OK, I’m straight-up stealing this from the #1 spot off of Dan O’Brien’s list of 5 Innocent Words That Need to Be Banned from English: Part 2
For anyone who doesn’t have my job or my employer this won’t be funny unless you work for an insurance company that has an underwriting aversion to country folk who like to live like hermits. We’ll take your business if you’re only partially anti-social, but if you are whole-hog Una-bomber in a shack in the woods, you can take a hike Jack.
Needless to say the word “Rural” get’s tossed around a lot… and I mean A LOT because we look at it for auto eligibility regarding usage as we’ve only recently said we’ll let some autos used for rural mail delivery (if not modified) be acceptable, eligibility guidelines for wild-fire exposures for homes or whether or not we’ll let your damn kids have an unfenced pool or trampoline.
“The Schneider family has an unfenced pool; it’s secreted behind a hedge of arbor vitae to the North, the cow barn to the South and it’s only the old Johnson farmstead to the East, but they have 4 neighbors within 5 miles and ‘they’re good people,’ so I guess they’re rural enough that we’ll take their home…”
I hate having to say the word, I hear myself and my co-workers stumble over it, it’s obnoxious.
Without further adieu here is O’Brien’s take on the word RURAL:
There’s something about saying this word out loud that makes the speaker sound embarrassed. It’s just the way your mouth has to work in order to say it, it’s part-word and part-frog-impression. Your tongue has very little to do until the end, because most of the pronunciation of this word is handled by your lips, inner cheeks and…I guess, like, neck fat? Like you have to slightly tuck your chin in and vibrate and wobble your neck fat to properly say the word “rural.” And the dual R’s are just generally hard to handle, so everyone sounds unsure when they say it. It’s a confidence dampener.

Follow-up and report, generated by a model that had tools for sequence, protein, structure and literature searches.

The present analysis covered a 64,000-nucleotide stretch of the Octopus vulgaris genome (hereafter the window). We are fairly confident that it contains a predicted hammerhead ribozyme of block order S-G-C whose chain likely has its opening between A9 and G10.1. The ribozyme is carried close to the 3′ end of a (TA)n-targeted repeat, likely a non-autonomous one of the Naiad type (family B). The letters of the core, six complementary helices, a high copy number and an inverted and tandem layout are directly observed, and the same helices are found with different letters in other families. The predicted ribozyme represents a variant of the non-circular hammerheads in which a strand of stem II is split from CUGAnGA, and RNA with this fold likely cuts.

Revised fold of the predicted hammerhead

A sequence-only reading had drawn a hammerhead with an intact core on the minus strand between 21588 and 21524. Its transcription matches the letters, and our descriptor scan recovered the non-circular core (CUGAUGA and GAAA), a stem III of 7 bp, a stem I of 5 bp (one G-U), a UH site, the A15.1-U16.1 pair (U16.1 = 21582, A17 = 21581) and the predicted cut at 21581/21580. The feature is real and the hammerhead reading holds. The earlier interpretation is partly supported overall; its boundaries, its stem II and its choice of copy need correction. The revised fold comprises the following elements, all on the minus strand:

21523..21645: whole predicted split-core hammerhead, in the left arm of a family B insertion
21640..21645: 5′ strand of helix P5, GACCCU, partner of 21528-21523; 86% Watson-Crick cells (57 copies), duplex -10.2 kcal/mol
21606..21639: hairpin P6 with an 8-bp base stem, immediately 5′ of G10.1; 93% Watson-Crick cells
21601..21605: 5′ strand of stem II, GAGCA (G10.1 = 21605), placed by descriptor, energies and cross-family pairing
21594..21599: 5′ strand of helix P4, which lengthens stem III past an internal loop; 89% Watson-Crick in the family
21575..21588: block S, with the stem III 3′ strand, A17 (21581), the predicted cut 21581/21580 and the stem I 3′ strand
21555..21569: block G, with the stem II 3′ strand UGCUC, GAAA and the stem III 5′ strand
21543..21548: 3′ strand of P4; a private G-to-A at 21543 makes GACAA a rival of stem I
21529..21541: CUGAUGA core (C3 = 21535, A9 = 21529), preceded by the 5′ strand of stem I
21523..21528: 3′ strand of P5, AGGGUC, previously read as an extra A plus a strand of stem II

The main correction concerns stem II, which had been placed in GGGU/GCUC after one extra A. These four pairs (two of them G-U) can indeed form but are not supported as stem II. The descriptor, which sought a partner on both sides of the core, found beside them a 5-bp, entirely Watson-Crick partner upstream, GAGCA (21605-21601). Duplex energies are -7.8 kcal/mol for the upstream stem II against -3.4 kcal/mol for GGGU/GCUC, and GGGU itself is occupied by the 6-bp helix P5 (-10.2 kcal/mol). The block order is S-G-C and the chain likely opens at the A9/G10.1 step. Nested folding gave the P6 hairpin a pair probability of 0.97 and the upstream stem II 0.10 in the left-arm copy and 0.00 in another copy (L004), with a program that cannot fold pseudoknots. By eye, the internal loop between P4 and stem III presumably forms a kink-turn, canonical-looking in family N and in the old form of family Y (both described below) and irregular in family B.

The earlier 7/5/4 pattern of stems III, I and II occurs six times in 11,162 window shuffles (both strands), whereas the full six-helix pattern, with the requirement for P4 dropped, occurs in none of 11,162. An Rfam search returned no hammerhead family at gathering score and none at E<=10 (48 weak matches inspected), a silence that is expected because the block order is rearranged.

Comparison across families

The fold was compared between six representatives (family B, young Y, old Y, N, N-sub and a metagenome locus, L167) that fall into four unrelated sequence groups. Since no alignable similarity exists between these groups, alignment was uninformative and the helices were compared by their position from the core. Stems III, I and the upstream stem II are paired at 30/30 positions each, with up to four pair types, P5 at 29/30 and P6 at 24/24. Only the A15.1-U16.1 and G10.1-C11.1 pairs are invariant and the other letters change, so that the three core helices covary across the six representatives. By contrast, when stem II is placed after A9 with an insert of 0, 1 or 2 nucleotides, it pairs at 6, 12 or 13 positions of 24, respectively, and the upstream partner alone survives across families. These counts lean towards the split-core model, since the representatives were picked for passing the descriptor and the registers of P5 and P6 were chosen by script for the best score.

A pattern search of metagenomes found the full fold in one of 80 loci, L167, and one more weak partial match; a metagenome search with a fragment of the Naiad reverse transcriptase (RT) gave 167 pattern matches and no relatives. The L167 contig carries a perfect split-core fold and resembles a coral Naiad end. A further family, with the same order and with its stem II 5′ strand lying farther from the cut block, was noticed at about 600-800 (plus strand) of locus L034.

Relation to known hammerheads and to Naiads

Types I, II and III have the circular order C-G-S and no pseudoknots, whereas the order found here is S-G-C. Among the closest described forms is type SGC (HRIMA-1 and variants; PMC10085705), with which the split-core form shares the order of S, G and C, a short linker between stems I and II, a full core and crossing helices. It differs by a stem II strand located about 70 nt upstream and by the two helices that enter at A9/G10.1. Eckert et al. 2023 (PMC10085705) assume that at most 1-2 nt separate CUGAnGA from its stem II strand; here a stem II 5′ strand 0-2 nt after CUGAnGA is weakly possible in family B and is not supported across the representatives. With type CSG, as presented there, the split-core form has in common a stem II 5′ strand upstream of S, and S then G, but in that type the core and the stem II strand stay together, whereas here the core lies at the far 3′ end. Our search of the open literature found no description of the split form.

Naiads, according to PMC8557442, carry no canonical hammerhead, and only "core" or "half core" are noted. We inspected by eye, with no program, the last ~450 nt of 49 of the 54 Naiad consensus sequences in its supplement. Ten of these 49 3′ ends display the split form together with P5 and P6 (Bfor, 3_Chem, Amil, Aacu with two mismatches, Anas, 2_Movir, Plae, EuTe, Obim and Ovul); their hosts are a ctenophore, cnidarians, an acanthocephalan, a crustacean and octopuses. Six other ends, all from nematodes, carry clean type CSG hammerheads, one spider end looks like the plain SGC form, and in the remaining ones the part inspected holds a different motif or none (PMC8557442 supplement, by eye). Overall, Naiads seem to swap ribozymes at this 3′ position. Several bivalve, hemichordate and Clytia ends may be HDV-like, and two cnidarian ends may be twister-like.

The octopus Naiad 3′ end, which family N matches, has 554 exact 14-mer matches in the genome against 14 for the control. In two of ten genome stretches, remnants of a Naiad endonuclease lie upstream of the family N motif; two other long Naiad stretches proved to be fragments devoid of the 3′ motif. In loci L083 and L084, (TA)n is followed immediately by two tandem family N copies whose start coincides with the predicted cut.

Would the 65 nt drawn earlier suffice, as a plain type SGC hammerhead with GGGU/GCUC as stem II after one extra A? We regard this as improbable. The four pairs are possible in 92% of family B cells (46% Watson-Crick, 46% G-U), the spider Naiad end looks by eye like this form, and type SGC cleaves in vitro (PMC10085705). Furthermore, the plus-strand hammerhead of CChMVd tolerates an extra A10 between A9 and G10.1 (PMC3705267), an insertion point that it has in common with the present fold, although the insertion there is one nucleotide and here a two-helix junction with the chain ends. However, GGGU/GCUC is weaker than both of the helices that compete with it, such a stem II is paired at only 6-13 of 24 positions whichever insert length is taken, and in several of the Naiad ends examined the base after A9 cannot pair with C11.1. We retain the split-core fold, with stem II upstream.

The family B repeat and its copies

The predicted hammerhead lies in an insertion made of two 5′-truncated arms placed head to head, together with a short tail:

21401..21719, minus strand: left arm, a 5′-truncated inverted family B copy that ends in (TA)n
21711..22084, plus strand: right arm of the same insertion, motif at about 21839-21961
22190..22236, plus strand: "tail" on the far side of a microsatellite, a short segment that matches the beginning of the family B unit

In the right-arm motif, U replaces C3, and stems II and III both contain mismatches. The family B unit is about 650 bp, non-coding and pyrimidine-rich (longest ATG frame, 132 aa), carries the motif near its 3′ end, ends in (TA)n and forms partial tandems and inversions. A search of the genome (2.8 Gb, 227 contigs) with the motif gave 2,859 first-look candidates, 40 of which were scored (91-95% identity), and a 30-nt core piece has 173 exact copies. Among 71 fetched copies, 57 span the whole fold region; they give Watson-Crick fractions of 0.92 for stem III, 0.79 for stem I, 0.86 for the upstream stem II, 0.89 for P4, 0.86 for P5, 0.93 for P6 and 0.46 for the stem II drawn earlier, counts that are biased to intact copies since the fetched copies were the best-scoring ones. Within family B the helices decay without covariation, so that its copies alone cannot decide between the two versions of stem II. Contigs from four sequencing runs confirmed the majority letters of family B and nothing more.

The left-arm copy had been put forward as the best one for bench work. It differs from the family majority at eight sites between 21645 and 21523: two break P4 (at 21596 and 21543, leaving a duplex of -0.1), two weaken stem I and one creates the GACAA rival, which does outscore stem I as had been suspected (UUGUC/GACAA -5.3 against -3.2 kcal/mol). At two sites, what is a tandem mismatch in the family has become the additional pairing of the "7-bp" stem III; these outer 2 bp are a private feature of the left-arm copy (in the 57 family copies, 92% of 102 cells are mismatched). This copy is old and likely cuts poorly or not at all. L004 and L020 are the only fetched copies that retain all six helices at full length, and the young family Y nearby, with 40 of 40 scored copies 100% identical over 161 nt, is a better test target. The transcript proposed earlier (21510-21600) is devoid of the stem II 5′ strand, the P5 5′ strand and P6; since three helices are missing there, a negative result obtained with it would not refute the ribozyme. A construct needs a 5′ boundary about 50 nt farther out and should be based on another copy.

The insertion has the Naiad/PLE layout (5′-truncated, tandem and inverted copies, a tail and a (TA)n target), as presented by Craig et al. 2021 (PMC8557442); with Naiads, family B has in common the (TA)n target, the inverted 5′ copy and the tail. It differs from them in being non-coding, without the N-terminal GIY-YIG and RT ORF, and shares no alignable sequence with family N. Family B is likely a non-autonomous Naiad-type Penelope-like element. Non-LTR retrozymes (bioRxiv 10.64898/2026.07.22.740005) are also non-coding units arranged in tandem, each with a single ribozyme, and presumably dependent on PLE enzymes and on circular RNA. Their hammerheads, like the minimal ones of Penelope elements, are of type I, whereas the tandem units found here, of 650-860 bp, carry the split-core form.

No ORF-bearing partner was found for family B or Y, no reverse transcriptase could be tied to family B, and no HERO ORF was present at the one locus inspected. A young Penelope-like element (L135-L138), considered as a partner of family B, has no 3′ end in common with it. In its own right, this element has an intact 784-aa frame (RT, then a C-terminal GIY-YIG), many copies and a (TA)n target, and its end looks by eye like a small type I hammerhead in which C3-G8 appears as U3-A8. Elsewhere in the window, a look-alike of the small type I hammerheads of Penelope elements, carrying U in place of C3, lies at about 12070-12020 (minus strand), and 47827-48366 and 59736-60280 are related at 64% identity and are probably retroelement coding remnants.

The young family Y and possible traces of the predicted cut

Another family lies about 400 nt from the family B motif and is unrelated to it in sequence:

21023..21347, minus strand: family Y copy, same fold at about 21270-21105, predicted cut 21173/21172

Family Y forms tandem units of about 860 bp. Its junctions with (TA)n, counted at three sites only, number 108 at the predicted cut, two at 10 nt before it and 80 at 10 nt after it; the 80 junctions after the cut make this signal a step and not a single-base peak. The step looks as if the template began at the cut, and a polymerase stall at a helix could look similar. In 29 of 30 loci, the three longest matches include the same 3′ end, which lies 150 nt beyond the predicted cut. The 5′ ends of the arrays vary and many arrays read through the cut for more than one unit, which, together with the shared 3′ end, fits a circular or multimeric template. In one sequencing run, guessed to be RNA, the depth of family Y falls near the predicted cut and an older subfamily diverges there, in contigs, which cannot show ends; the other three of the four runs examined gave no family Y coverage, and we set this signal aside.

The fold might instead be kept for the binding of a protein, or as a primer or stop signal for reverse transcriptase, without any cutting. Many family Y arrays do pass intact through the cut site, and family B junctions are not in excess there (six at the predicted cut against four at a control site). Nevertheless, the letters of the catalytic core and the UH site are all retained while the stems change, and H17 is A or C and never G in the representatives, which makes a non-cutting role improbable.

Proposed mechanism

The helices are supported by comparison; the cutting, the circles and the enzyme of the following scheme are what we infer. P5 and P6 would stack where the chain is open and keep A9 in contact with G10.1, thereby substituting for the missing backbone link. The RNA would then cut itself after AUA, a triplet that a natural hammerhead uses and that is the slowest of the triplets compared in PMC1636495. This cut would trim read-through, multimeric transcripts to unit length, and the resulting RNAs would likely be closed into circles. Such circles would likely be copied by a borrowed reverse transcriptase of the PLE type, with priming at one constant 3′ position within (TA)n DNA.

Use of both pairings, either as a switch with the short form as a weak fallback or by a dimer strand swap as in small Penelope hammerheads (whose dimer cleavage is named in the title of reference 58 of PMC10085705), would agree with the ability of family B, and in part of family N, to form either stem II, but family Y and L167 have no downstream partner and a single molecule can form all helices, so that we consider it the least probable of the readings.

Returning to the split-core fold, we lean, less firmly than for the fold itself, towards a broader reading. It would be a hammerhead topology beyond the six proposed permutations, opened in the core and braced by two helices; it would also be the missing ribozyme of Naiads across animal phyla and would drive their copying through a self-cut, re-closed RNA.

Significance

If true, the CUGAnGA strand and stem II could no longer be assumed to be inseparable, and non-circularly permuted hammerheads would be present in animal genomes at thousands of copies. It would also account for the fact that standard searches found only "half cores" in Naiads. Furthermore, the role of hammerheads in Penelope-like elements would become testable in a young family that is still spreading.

Unlike most of the words on this list, this isn’t a case where the definition is just as uncomfortable as phonetic design of the word; rural is completely tame. If something is rural, it just means that it’s more country than city. Clean air, open fields, serenity, cows. That stuff.
Use it in an Awful Sentence:
“Can you please rub some ointment on the rural area of my body? I refer to my genitals as the rural area, because they’re wild and overgrown, and full of bugs and stuff. And I would like you to rub ointment on it, with your hands.”
What it Actually Calls to Mind:
If there was an animal that, when faced with danger, roared and then immediately shit itself and then trailed off and cut its own roar short out of embarrassment, “rural” would be the onomatopoetic way we’d represent the sound. Dogs woof, cats meow, and poop-badgers rural.